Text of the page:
Ken Adam has really designed everything. From villas and luxurious apartments to temples, cathedrals, spaceships, supertankers, overhead railways, missile bases and submarines. One could probably call him one of the most successful and influential architects of the 20th century even though he hasn’t actually realised most of his designs – at least if you consider the word “realise” in terms of “reality”. Adam’s design reality has been the production design for films instead ranging from Stanley Kubrick’s Dr. Strangelove to Robert Aldrich’s Sodom and Gomorra, or Nicholas Hytner’s The Madness of King George. Of course his most popular designs are the ones he did for seven James Bond films including the iconic Dr. No, Goldfinger, Thunderball, Diamonds Are Forever and Moonraker. In total, he worked on more than 70 films from 1948 until 2001.

Kenneth Hugo Adam was born on 5 February 1921 as Klaus Hugo Adam in Berlin. Being Jewish, the family fled to England in 1934 when the Nazi government forced their business into bankruptcy. In London he finished school and studied architecture for a while at the Bartlett School in London. During World War II Adam helped to design bomb shelters before joining the RAF in 1940 as one of only three German-national pilots from 1940-45 (earning the nickname “Heinie the Tank-Buster”).

Design drawing for the War Room. (Image © Ken Adam Archive/Deutsche Kinemathek)

After the war Adam went to work for the British film industry. He worked as a draughtsman for Around the World in 80 Days and Ben Hur and earned his own first major screen credits for the thriller Soho Incident and the cult horror flick Night of the Demon. This was followed by set designs for both James Bond’s screen debut Dr. No, and director Stanley Kubrick. The collaboration with the latter lead to Adam’s iconic set design for Dr. Strangelove including the immortal “War Room” with it’s triangular roof, which, as Adam likes to tell, impressed Ronald Reagan so much that, when he became president of the U.S. in January 1981 and was shown around the White House for the first time, he asked to be taken to that War Room. It is said that he was terribly disappointed to discover that the room only existed on film.

Ken Adam can recount dozens of such anecdotes, quite obviously taking people’s occasional confusion between his set designs and reality as a big compliment. Although his design mottos “Bigger Than Life” and “No design is worth doing it if you just reproduce reality” may sound a bit platitudinous, it seems that this striving towards making the world bigger, bolder and more shiny (on film at least) has indeed been the driving force behind his constant stretching of the boundaries of possibility.  His most remarkable, semi-futuristic spaces like Blofeld’s Volcano Lair, Tiger Tanaka’s Office or the Tarantula Room for Dr. No are superb examples of this – in Adam’s world the villains always seem to get the best pads.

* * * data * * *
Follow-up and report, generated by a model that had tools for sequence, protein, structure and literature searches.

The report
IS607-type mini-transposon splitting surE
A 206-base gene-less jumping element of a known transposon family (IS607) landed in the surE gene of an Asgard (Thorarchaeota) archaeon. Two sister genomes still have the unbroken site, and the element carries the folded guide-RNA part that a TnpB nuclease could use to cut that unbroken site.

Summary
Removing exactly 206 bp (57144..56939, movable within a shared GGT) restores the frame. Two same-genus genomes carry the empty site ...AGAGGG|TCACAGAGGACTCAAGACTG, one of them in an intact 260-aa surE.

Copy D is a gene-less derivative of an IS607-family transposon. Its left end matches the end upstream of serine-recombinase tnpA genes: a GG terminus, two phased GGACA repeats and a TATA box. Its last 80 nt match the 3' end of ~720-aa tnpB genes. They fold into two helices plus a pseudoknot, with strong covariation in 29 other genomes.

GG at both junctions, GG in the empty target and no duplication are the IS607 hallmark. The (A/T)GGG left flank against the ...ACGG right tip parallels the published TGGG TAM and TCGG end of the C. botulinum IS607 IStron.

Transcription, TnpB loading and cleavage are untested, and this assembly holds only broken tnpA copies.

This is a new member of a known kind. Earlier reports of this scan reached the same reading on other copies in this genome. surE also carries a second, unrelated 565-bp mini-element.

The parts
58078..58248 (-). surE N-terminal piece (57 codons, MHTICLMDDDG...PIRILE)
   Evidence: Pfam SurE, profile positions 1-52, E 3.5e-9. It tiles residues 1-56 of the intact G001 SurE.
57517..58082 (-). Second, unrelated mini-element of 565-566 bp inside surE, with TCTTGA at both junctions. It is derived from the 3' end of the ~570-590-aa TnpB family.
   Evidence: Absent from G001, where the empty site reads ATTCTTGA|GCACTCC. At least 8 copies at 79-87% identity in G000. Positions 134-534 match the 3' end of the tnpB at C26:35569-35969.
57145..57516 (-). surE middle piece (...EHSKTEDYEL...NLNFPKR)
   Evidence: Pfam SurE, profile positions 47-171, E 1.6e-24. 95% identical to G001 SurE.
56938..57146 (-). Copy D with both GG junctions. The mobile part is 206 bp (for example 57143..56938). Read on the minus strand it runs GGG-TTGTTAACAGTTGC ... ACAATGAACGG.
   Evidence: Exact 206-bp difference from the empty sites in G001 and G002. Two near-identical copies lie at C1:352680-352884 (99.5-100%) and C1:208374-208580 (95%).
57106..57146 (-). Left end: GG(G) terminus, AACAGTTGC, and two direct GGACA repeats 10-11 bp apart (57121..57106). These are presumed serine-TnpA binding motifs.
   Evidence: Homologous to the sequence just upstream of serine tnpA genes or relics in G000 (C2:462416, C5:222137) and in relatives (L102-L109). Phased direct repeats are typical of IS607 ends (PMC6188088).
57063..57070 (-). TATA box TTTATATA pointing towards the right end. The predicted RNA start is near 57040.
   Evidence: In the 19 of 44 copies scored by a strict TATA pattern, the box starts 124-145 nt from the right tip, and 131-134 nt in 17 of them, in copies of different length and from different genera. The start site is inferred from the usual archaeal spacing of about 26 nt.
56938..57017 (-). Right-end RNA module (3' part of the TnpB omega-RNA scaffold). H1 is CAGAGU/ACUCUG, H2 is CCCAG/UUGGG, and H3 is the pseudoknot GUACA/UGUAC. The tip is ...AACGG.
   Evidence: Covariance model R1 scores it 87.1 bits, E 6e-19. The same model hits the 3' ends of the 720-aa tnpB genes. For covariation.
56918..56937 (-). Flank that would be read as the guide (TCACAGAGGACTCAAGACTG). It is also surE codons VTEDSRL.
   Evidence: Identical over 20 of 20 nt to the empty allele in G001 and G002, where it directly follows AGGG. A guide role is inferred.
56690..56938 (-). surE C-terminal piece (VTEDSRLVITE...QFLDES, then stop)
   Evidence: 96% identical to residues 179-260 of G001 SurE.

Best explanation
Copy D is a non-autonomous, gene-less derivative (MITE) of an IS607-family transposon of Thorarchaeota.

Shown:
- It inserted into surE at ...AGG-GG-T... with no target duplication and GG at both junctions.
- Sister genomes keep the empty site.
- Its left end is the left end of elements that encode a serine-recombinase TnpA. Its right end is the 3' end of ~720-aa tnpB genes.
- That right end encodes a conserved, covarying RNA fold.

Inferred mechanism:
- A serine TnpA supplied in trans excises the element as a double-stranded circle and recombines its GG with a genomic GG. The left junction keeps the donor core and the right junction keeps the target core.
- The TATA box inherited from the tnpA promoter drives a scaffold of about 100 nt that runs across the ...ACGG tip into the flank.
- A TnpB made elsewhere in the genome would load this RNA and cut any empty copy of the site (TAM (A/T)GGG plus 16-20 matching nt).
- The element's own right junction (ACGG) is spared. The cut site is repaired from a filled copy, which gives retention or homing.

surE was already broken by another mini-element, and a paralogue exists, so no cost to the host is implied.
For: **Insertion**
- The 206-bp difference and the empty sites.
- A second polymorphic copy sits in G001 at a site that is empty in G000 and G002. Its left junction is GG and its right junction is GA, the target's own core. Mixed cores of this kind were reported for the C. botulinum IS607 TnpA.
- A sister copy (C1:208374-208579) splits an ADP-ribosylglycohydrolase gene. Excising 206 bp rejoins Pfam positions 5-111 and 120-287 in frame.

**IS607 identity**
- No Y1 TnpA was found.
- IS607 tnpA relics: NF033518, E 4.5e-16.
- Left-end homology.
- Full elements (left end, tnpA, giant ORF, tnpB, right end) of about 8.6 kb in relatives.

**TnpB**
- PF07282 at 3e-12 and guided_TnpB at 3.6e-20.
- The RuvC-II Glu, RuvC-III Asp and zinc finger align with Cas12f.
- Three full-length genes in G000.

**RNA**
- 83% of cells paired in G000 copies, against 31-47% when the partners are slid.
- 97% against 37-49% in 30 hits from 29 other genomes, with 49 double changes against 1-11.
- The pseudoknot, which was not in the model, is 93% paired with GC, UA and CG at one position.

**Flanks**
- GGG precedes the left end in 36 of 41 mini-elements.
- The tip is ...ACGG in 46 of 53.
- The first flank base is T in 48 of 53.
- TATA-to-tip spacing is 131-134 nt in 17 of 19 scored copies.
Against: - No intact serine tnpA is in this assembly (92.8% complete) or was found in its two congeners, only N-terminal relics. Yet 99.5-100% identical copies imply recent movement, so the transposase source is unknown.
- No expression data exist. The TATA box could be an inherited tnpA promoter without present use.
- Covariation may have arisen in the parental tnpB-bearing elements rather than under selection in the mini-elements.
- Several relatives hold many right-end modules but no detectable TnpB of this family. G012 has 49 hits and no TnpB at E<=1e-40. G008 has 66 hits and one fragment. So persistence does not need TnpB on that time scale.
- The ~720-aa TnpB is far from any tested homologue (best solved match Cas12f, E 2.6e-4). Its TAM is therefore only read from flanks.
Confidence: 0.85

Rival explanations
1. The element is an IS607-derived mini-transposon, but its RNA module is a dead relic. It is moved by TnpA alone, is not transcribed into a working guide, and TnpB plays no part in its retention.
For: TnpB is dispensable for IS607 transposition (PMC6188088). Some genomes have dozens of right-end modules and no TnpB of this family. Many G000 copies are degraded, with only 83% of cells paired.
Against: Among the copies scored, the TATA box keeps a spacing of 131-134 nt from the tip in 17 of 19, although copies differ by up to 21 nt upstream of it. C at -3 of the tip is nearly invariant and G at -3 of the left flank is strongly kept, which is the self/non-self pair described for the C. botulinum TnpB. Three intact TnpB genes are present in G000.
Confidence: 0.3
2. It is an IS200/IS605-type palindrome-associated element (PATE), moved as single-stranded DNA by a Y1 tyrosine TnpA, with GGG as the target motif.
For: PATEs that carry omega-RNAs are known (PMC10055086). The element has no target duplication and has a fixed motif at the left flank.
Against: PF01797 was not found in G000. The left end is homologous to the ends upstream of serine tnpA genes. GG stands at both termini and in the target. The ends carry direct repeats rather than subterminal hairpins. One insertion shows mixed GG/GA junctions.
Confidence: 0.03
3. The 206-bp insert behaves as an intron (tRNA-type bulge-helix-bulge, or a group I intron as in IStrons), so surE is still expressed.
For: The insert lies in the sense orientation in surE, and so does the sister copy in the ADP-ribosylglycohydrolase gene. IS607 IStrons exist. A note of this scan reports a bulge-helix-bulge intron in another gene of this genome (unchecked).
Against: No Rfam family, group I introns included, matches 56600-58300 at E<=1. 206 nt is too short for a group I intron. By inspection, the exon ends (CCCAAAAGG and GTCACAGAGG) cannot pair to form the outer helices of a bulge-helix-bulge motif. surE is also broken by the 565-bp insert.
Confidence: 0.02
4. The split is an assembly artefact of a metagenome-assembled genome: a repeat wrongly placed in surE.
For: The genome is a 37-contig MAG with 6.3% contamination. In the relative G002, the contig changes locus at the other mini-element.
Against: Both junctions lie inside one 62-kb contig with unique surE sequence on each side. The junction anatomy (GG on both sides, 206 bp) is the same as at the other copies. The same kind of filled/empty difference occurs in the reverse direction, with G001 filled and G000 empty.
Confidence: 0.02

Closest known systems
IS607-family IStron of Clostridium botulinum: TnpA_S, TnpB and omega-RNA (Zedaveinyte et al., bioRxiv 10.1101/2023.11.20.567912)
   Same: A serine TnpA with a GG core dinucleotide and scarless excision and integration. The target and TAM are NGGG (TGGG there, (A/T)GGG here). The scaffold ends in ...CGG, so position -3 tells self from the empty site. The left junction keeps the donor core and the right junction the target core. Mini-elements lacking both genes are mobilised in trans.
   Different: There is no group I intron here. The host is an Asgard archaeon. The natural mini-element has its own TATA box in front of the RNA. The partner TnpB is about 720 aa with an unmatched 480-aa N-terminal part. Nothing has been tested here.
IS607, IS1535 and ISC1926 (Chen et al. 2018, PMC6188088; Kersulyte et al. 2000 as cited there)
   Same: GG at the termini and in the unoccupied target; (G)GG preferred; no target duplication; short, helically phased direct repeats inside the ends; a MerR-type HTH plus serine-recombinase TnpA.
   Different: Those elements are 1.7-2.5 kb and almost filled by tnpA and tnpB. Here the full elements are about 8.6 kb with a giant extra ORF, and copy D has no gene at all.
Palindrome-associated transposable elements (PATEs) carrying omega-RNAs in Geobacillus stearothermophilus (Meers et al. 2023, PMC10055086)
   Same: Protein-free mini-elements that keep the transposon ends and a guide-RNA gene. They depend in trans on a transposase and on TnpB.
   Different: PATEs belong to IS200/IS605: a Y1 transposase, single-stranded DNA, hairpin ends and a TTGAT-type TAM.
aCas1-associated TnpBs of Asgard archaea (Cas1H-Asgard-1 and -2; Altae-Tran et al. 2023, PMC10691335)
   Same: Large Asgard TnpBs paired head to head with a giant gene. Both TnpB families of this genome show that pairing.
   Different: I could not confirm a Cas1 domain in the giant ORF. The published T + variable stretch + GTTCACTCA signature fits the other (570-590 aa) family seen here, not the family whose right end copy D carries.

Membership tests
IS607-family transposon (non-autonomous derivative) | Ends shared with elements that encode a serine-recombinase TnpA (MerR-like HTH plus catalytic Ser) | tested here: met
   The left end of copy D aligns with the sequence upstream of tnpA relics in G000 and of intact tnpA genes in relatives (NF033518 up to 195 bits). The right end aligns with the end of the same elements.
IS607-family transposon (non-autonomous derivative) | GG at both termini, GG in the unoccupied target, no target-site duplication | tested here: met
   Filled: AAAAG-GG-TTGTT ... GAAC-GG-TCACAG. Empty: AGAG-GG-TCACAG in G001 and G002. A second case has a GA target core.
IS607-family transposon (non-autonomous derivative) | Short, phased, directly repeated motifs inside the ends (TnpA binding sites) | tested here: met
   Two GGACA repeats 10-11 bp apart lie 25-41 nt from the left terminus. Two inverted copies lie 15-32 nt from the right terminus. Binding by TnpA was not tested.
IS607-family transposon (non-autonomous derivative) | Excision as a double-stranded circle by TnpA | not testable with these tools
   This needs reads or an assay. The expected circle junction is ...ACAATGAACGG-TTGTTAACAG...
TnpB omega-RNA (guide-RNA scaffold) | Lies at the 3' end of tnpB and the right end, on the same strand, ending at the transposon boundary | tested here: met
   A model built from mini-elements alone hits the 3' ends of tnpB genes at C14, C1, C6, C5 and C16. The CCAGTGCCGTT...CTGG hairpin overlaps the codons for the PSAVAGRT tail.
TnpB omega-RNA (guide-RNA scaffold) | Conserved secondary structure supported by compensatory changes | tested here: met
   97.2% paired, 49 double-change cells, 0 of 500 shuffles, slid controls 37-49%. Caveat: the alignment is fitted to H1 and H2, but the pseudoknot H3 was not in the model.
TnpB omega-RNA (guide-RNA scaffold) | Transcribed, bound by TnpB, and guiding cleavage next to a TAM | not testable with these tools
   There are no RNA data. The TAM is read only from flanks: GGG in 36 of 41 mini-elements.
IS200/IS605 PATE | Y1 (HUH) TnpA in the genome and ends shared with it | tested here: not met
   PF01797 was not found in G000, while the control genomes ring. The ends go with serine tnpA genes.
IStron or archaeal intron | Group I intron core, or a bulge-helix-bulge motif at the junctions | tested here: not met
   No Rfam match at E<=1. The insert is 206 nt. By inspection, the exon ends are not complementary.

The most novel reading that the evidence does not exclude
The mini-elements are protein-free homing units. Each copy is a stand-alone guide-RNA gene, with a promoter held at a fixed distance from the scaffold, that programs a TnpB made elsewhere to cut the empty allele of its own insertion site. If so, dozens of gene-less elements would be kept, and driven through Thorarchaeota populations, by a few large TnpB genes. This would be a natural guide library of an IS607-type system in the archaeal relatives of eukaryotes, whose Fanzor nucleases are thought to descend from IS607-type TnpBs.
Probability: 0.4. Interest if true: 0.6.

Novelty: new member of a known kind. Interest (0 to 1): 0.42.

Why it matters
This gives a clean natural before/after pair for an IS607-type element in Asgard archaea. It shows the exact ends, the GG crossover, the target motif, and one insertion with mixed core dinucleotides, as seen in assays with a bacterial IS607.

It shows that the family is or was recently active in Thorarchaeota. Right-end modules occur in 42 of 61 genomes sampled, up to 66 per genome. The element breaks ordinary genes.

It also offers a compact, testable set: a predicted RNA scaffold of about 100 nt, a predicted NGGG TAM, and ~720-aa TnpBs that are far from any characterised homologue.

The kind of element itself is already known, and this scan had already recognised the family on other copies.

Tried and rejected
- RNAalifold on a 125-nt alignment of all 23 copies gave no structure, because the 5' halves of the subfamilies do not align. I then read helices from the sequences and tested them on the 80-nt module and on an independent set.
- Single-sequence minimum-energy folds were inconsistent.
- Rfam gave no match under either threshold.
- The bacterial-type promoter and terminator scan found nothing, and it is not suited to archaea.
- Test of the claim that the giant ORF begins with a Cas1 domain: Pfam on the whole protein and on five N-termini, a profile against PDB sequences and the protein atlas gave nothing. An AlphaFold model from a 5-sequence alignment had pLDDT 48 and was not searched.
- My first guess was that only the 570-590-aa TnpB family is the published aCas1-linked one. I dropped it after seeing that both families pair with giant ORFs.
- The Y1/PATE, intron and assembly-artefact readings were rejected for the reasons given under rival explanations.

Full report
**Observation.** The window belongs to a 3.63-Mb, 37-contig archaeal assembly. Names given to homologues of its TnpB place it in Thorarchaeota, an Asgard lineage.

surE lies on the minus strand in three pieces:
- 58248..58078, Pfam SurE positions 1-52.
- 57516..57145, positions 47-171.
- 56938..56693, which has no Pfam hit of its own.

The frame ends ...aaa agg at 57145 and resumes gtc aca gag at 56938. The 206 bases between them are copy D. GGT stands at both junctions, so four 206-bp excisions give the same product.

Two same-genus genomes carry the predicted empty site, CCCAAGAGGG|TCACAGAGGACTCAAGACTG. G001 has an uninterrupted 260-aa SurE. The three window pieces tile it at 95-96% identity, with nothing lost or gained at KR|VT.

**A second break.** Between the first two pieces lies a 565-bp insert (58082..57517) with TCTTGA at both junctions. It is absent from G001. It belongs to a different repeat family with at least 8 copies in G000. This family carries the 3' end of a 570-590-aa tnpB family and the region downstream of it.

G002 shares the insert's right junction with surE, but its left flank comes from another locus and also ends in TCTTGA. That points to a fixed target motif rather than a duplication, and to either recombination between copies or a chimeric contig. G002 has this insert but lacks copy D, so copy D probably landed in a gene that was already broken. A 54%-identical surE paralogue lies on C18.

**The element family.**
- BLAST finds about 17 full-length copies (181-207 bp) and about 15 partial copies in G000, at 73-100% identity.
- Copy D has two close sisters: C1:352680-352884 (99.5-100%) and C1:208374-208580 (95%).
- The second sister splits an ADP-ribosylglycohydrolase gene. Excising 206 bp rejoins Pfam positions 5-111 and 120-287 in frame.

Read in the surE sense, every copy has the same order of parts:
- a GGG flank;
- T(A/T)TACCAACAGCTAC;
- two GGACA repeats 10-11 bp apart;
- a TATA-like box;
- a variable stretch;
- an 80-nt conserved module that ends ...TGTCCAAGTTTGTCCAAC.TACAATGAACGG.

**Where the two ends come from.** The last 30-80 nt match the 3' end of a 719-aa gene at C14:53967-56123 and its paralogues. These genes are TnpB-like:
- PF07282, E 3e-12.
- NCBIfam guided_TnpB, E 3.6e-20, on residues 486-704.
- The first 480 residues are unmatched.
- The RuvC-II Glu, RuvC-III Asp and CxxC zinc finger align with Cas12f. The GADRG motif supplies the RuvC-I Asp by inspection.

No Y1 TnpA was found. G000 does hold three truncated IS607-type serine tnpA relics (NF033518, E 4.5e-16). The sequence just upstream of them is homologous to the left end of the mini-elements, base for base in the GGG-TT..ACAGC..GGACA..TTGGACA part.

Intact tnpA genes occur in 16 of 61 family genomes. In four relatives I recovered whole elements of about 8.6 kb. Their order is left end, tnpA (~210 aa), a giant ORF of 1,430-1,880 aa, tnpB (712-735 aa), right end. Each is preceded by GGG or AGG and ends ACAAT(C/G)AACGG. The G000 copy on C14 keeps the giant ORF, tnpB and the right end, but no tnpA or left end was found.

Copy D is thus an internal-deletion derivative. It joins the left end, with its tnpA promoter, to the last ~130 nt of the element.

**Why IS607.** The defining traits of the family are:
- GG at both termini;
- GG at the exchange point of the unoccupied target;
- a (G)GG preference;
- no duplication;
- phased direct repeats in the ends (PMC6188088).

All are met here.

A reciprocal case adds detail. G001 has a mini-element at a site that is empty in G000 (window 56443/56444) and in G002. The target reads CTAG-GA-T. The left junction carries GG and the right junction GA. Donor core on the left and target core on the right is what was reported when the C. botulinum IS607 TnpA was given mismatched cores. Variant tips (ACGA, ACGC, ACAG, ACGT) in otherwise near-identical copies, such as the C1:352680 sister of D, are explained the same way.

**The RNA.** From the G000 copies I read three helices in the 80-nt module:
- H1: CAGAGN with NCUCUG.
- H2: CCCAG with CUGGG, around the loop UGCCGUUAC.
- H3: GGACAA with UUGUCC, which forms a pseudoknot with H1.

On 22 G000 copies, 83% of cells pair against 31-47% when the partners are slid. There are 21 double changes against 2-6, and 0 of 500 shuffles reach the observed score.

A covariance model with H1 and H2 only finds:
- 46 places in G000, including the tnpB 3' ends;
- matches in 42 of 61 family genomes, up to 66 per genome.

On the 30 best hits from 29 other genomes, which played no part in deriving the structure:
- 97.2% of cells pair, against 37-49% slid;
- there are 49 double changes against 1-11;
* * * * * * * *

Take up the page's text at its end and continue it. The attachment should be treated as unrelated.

Villains get the best apartments: Blofeld’s Volcano Lair for “You Only Live Twice”. (GB/USA 1967, directed by Lewis Gilbert; both images © Ken Adam Archive/Deutsche Kinemathek)

Thus, Bigger Than Life is a highly appropriate title for the new major exhibition which opened in Berlin on 11 December with Ken and his wife Letizia Adam – both in their nineties now – as adorably charming star guests. Despite the fact that his family was forced to leave Germany and that Adam even ended up fighting against his former home country, he returned to Germany and Berlin regularly after the War. In 2012 he decided to give his entire collection of more than 4,000 drawings, photos, objects, and personal memorabilia to the Deutsche Kinemathek (German Museum for Film and Television)  in Berlin. This intelligent, well-designed and carefully curated exhibition provides a really good overview over Adam's immense body of work, bringing his most important drawings together with excerpts from the films and newly made models of some of his designs. It really feels like strolling through Ken Adam’s impressively creative mind and at the end of the exhibition it comes as no surprise to learn that architects such as Norman Foster and Daniel Libeskind cite him as a big inspiration. After all, as this show demonstrates so well, Adam’s work played a significant role in making modern architecture popular with a huge and broad audience worldwide – even if it’s mostly as homes for the bad guys.

– Florian Heilmeyer

11 December 2014 – 17 May 2015:
Bigger Than Life. Ken Adam’s Film Design

Deutsche Kinemathek – Museum für Film und Fernsehen
Potsdamer Straße 2
10785 Berlin

 

  • Facebook
  • Tumblr
  • Twitter

PUBLISHED 11 Dec 2014 WHAT Agenda WHERE Berlin WHO Ken Adam AUTHOR

Advertisement

RECENT POSTS

more

Recent Magazines

25 Apr 2016

Magazine No. 43
Athens

  • essay

    From the Bottom and the Top

    Powering Athens through collectivity and informal initiatives by Cristina Ampatzidou

  • photo essay

    Nowhere Now Here

    A photo essay by Yiorgis Yerolymbos

  • Essay

    Back to the Garden

    Athens and opportunities for new urban strategies by Aristide Antonas

  • Interview

    Point Supreme

    An interview by Ellie Stathaki

>

03 Mar 2016

Magazine No. 42
Walk the Line

  • Essay

    The Line Connects

    An essay on drawing and architectural education by Wes Jones

  • Essay

    Drawing Attention

    Phineas Harper sketches out new narrative paths with pencil power

  • Essay

    Gotham

    Elvia Wilk on a city of shadows as architectural fiction

  • Interview

    The (Not So) Fine Line

    A conversation thread between Sophie Lovell and architecture cartoonist Klaus

>

28 Jan 2016

Magazine No. 41
Zvi Hecker

  • essay

    Space Packers

    Zvi Hecker’s career-defining partnership with Eldar Sharon and Alfred Neumann by Rafi Segal

  • Interview

    Essentially I am a Medieval Architect

    An interview with Zvi Hecker by Vladimir Belogolovsky

  • viewpoint

    The Technion Affair

    Breaking and entering in the name of architectural integrity by Zvi Hecker

  • Photo Essay

    Revisiting Yesterday’s Future

    A photo essay by Gili Merin

>

17 Dec 2015

Magazine No. 40
Iceland

  • Viewpoint

    Wish You Were Here

    Arna Mathiesen asks: Refinancing Iceland with tourism – but at what cost?

  • Photo Essay

    Spaces Create Bodies, Bodies Create Space

    An essay by Ólafur Elíasson

  • Focus

    Icelandic Domestic

    Focus on post-independence houses by George Kafka

  • Essay

    The Harp That Sang

    The saga of Reykjavík's Concert Hall by Sophie Lovell & Fiona Shipwright

>

more

SUBSCRIBE TO OUR MAILING LIST Close

Uncube is brandnew and wants to look good.
For best performance please update your browser.
Mozilla Firefox, Internet Explorer 10 (or higher), Safari, Chrome, Opera

×